Arian Wallach is a Lecturer in the School of Life Sciences at the UTS Sydney. Her research investigates the ecological role of large predators on biodiversity and functioning of novel ecosystems. Her fieldwork is mainly conducted across the Australian arid zone, where she is researching the influence of dingoes on biodiversity and native-non-native coexistence. Arian’s research has challenged established paradigms on the cause and treatment of biodiversity decline in Australia, by showing that protecting dingoes enables species to thrive in modern ecosystems, and that lethal control of introduced species is both unnecessary and counterproductive. Her work on predators featured in the journals Nature and Science, and together with a collaborative research team has been awarded the 2013 Eureka Prize for Environmental Research.

Discussion 2

Bradley Moggridge is from the Kamilaroi Nation (N-W NSW) and is a PhD candidate at the University of Canberra’s Institute for Applied Ecology and part-time Indigenous Liaison Officer for Threatened Species Recovery Hub. He holds university qualifications in hydrogeology from UTS and environmental science from ACU and has been awarded the 2017 ATSI Community Alumni award from ACU and a Fellow of the Peter Cullen Trust Science to Policy Leadership 2018 Course. Bradley has an ambition of leading in his area of expertise and also promoting Aboriginal Traditional Knowledge and finding commonalities between Traditional Science and Western Science so this can influence policy and the way we manage the Australian landscape. He has significant networks in the water and environmental area, government and ongoing relationships with the broader Aboriginal community.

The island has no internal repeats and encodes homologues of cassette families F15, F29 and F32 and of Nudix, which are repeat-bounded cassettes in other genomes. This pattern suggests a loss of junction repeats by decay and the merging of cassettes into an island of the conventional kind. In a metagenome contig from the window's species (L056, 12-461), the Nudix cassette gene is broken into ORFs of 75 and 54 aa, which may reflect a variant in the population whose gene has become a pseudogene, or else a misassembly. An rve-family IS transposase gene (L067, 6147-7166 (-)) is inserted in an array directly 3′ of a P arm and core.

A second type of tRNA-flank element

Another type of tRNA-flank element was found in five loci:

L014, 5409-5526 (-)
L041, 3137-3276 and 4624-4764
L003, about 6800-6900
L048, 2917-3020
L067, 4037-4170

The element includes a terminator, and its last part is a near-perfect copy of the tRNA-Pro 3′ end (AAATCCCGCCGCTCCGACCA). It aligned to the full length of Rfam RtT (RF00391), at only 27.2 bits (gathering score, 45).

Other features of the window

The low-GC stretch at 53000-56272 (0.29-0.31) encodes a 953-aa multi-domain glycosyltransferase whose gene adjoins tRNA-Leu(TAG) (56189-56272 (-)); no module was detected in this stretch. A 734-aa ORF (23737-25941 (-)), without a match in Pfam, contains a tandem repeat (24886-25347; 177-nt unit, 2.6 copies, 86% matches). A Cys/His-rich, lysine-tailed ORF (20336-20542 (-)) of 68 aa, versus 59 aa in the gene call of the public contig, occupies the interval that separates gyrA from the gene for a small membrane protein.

Emily O’Gorman is a Senior Lecturer in the Department of Geography and Planning at Macquarie University. She researches at the nexus of environmental history, more-than-human geography, and the broader environmental humanities. Her research focuses on how people live with rivers, wetlands, and climates. She is the author of Flood Country: An Environmental History of the Murray-Darling Basin (2012) and co-editor of Climate, Science, and Colonization: Histories from Australia and New Zealand (2014, with James Beattie and Matthew Henry) and Eco-Cultural Networks and the British Empire: New Views on Environmental History (2015, with Beattie and Edward Melillo). She is also co-editor of the Living Lexicon in the journal Environmental Humanities.

Respondent

Sonja Van Wichelen is an Associate Professor of Sociology at The University of Sydney. Her general research interests include sociology of globalization, science and technology studies, feminist and postcolonial theory, legal anthropology, global health and social medicine. Sonja is the director of the Biopolitics of Science Research Network and research leader of the BioHumanity Theme. She is co-editor of the Palgrave MacMillan Biolegalities Book Series, book review co-editor for Catalyst, and on the editorial board of The Sociological Review.

Please send your Expression of Interest (EOI) to Genevieve Wright (genevieve.wright@sydney.edu.au) should you wish to attend this event by Wednesday 5 August 2020.

The event is finished.

Date

Time

10:00 am - 12:00 pm

Location

Online

Organizer

Sydney Environment Institute
Phone
+61 2 9351 5445
Email
michelle.stanne@sydney.edu.au
Website
http://sydney.edu.au/environment-institute/